While The Clash Blazed The Trail, Rage Against The Machine Is Still Catching Up
A friend of mine once defended his love of AC/DC (or is it AD/DC, as it is misspelled on their official Web site?) by insisting that because all their songs sound the same, their collection of albums formed a continuous groove and a dependable, recurring music experience.
AC/DC would never fall victim to those great rock cliches: no orchestra accompaniment, no sitting in with Ravi Shankar, no covers album, no fusing rock with world music.
Listening to the new Rage Against The Machine album, “The Battle Of Los Angeles,” an eerie parallel emerges.
When the Rage’s first album was released in 1991, it was like the soundtrack to a riot. The music was a white-hot melding of hip-hop, funky backbeats, proletarian lyrics and powerhouse guitar riffs. Two albums later, the song is remarkably the same.
“The Battle of Los Angeles” is no less angry or less intense. It isn’t even necessarily monotonous, but rather, it sees the band fine-tuning the well-tested formula.
The group was always at its best on songs like “Bulls On Parade” from its second album, “Evil Empire,” or “Freedom,” “Know Your Enemy” or “Bombtrack” from its first. The songs’ snarling and slithering rhythms, mixed with the anthemic raps of lyricist/vocalist Zack de la Rocha, were an apocalyptic outcry against injustice, capitalism and oppression.
And new songs like “Guerilla Radio,” “War Within A Breath” or “Sleep Now In The Fire” deliver what you’d expect. They fit very comfortably with the band’s older material.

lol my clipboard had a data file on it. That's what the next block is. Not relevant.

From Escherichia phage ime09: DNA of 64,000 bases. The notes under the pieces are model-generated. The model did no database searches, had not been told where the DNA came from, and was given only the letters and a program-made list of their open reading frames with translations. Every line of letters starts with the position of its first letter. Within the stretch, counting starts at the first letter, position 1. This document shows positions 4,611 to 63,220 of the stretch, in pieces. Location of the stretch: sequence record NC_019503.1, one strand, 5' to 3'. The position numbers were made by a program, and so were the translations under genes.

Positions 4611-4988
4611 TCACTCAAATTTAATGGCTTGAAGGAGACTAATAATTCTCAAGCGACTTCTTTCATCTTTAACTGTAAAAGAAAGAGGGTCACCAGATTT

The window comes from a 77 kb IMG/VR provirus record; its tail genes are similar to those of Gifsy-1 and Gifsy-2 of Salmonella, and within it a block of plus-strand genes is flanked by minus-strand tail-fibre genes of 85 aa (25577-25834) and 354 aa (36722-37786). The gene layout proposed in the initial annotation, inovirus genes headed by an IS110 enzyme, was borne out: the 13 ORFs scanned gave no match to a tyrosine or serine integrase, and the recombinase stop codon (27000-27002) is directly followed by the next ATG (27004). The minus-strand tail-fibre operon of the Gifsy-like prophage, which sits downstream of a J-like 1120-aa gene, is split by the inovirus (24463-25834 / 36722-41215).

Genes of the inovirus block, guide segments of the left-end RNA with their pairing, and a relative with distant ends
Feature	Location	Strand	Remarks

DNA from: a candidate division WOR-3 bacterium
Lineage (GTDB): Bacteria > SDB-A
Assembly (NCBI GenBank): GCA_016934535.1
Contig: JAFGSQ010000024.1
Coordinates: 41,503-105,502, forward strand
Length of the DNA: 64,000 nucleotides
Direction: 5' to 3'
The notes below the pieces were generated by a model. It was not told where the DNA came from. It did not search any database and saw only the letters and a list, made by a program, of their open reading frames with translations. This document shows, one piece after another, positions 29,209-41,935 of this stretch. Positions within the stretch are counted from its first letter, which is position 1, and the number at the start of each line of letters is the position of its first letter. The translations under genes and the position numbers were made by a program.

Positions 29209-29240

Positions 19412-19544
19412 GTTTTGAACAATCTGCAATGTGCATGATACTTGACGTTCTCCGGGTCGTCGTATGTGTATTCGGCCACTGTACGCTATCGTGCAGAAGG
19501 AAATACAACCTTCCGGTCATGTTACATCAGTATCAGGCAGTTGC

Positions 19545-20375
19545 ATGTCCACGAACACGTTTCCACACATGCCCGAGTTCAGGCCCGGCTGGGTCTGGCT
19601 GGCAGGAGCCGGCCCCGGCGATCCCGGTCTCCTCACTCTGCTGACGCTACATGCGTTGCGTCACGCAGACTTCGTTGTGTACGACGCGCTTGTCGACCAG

Besides de la Rocha’s signature yelp, the songs rely most of all on the inventiveness of Rage’s guitarist, Tom Morello. He doesn’t play guitar; he plays at it and on it. His unorthodox solos and lead breaks showcase him messing with the instrument’s power jack or sliding his hands all over it. His guitar heroics make him the group’s old-school DJ.
Only two songs really mark any sort of a departure. The fluxing melody of “Mic Check” is the band at its most restrained, while “Born Of A Broken Man” is delivered like an incantation. Though Morello’s heavy riffs erupt throughout the song, the tune is driven by the band’s rhythm section.
Most remarkable of all, de la Rocha moves away from his usual rallying-cry subject matter to conjuring images with his words. Lines such as “Like autumn leaves/His sense fell from him/An empty glass of himself/Shattered somewhere within” hint at something more personal.
Now don’t misunderstand; the album is enjoyable. But there lies little new information behind the musical catharsis. And although political, religious and economic inequities persist in the world, the band really hasn’t changed its tune either.
In many ways, the Clash was no less intensely political or ferocious in its musical approach than Rage Against The Machine (Morello often cites the Clash as a big influence).
But what the Clash never did was rely on a formula.
And on their new live release, “From Here To Eternity,” they prove the depth and versatility of their musical vision and why they were the greatest punk band ever.